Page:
The big picture
- Recent ESG regulations from across the globe are changing the game for sustainability.
- The global regulatory picture is anything but simple; companies may be subject to multiple regulations.
- Stakeholder demands, regardless of the status of regulations, continue to increase and evolve.
- A pragmatic approach based on materiality of issues is the best way to get ahead of the regulatory wave.
A regulation roundup
In recent years, increasing pressures from a variety of stakeholders have combined to drive companies toward more sustainable practices in their business operations, and greater transparency in disclosing the results of those efforts. The real game-changer, however, has been the proliferation of recent global environmental, social and governance (ESG) reporting regulations, which require a level of reporting far above the voluntary disclosures many companies have been issuing (or would prefer to issue) to their stakeholder groups.
The major regulations in play are the Corporate Sustainability Reporting Directive (CSRD) by the European Union adopted on January 5, 2023, and the highly anticipated ESG disclosure rules under consideration by the Securities and Exchange Commission (SEC) in the United States, expected to be finalized in 2023 — but there are others as well, and the global regulatory picture is anything but uniform or simple.
- In Europe, companies headquartered in countries that are not part of the EU may still be subject to CSRD rules, depending on the size and source of revenues of their European operations. In addition, some of those countries have their own ESG disclosure requirements, which could complicate the compliance and reporting path.
- In the Asia-Pacific region, regulations range from established and mandatory to proposed, and in most cases are enforced through the financial authorities of each country. Investor interest is a major driver behind the ESG regulations that have emerged in the region in the last two to five years.
- In the United States, the SEC is poised to issue ESG disclosure rules in the near term, the only unknowns being the final scope and degree of reporting and attestation rigor that will be required.
- New or recently updated greenwashing and modern slavery regulations further add to the global ESG mosaic. Greenwashing refers to the practice of misstating a company, investment portfolio or product’s environmental impact. Greenhushing is an attempt to avoid accusations of greenwashing by under-communicating about such impacts.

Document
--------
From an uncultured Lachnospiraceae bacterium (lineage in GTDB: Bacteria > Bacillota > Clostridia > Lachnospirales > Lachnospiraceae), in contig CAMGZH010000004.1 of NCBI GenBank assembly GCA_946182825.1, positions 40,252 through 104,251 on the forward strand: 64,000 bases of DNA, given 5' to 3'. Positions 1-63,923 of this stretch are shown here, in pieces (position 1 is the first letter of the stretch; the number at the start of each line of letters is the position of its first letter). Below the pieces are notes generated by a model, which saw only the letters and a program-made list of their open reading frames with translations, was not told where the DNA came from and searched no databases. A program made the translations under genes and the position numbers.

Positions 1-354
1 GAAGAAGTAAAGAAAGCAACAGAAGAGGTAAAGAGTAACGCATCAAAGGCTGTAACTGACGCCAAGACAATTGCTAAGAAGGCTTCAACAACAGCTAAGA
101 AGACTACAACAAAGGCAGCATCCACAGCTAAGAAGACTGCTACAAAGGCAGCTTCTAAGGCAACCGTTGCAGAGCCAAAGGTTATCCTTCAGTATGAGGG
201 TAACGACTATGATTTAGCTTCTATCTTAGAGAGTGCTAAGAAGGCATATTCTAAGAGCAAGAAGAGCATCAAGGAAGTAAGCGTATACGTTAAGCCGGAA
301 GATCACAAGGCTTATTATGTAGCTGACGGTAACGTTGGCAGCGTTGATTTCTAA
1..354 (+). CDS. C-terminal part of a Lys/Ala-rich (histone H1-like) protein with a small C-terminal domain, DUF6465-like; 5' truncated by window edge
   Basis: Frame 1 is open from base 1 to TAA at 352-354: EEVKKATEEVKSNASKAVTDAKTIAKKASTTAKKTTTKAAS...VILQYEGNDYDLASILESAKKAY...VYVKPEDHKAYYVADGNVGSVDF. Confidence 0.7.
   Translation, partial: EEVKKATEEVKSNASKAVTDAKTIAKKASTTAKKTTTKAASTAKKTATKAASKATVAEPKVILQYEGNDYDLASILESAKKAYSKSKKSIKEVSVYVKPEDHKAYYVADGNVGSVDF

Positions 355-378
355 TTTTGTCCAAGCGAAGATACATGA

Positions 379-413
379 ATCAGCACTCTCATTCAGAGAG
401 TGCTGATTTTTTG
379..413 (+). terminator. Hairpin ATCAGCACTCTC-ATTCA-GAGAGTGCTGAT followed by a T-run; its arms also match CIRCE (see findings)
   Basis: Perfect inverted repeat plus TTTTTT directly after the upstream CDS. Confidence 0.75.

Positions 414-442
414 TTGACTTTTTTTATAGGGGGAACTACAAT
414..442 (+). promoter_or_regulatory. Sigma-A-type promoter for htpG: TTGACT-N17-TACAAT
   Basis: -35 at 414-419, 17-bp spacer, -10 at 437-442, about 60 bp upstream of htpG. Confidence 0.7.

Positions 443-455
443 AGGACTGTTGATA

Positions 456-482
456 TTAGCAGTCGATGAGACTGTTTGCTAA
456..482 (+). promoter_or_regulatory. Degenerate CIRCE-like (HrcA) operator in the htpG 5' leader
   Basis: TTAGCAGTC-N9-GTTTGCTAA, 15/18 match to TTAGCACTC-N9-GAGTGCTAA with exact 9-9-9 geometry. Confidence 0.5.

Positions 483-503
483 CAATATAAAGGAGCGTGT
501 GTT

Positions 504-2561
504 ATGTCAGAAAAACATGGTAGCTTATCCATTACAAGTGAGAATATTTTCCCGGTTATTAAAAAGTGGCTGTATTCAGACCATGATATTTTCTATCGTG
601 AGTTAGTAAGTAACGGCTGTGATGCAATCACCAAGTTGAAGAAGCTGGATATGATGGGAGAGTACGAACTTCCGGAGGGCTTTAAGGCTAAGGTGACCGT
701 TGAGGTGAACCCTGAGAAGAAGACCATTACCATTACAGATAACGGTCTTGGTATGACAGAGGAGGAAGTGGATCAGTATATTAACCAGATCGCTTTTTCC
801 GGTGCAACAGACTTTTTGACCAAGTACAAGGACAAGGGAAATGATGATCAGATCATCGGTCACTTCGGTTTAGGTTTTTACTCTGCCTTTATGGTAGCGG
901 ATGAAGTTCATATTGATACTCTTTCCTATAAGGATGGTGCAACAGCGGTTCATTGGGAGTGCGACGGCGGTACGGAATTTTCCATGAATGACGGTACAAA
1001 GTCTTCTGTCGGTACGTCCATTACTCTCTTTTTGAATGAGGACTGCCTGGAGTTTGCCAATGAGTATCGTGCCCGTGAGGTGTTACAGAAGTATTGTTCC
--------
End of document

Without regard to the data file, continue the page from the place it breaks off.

Where to begin?
To begin, companies need to understand to what regulatory jurisdiction(s) they are subject. With supply chains stretching across the globe, the answer is, most likely, more than one. They will need to perform a gap assessment against those requirements and identify reporting processes that need to be established or enhanced.
Some companies may be ahead of others in their ESG operational practices, as well as their ESG reporting, especially if they have reported voluntarily in the past using reporting frameworks like those of the Global Reporting Initiative (GRI) or the Sustainability Accounting Standards Board (SASB). Those companies still have to track the evolving regulatory landscape closely and ensure that they follow the specifics of the regulations they are subject to.
Protiviti recently published a white paper to assist companies in this new paradigm. The paper provides background, data, analysis of the recent developments and links to learn more. The paper also suggests an approach for companies to get up to speed, which focuses on meeting the reporting requirements by making meaningful progress. We expect that the learning curve for companies will flatten over time as regulations continue to mature and consolidate and as companies watch and learn from each other, getting help where needed.
Download the white paper here. For more on Protiviti’s sustainability solutions, visit our website.